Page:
Objective: To examine the associations of female reproductive and hormonal factors with incidence of total knee arthroplasty (TKA) for osteoarthritis (OA), and to determine whether the associations differ according to overweight/obesity status. Methods: This study included 22,289 women in the Melbourne Collaborative Cohort Study. Data on age at menarche, pregnancy, parity, years of menstruation, oral contraceptive (OC) use, menopausal status, and hormone replacement therapy (HRT) were collected in 1990–1994. Incidence of TKA during 2001–2013 was determined by linking cohort records to the Australian Orthopaedic Association National Joint Replacement Registry. All analyses were adjusted for age, body mass index (BMI) at midlife, change in BMI (from early reproductive age to midlife), country of birth, physical activity, smoking, and education level. Results: Over the course of 12.7 years, 1,208 TKAs for OA were identified. Ever being pregnant was associated with increased risk of TKA (hazard ratio [HR] 1.32 [95% confidence interval (95% CI) 1.06–1.63]). Parity was positively associated with risk of TKA (P for trend = 0.003). OC users had increased risk of TKA compared with non-users (for OC use of <5 years, HR 1.25 [95% CI 1.08–1.45]; for OC use of ≥5 years, HR 1.17 [95% CI 1.00–1.37]). A 1-year increase in menstruation was associated with a 1% decrease in risk of TKA (HR 0.99 [95% CI 0.97–0.99]). These associations remained significant only in women of normal weight at early reproductive age. Current HRT users had increased risk of TKA compared with non-users (HR 1.37 [95% CI 1.14–1.64]); the association was significant only in non-obese women at midlife. Conclusion: Reproductive and hormonal factors were associated with risk of knee OA. These associations remained significant in women of normal weight at early reproductive age and in non-obese women at midlife. Further work is needed to understand the complex effect of these factors on knee OA.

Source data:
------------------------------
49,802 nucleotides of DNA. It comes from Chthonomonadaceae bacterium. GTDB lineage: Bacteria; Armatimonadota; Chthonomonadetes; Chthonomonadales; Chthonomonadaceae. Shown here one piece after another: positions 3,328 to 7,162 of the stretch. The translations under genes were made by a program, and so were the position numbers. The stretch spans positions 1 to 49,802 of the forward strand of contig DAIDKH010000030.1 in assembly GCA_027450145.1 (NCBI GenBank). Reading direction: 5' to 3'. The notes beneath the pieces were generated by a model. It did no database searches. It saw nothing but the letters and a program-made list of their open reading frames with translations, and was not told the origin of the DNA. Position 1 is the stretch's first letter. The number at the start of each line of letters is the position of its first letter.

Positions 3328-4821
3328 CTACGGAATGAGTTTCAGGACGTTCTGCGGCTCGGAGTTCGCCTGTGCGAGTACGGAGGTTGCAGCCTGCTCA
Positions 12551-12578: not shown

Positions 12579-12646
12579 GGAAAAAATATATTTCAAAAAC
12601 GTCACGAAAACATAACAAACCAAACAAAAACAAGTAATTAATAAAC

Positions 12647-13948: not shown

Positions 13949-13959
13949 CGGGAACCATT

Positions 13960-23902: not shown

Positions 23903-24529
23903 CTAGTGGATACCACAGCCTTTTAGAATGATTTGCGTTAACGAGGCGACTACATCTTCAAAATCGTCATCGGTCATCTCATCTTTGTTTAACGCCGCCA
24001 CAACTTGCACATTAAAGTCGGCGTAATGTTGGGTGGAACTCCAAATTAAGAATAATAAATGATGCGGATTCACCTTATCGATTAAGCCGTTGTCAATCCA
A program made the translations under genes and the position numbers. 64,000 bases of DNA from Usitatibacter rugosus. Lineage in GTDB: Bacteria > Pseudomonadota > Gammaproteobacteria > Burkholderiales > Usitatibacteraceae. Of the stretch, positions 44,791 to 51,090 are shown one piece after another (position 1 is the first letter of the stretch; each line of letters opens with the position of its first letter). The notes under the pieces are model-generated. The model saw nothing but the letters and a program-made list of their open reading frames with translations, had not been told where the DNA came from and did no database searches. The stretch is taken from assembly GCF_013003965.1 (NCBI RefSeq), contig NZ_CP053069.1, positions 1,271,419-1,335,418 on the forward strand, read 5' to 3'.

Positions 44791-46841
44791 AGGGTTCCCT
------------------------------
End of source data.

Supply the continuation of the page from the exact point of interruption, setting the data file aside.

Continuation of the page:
ASJC Scopus subject areas
- Immunology and Allergy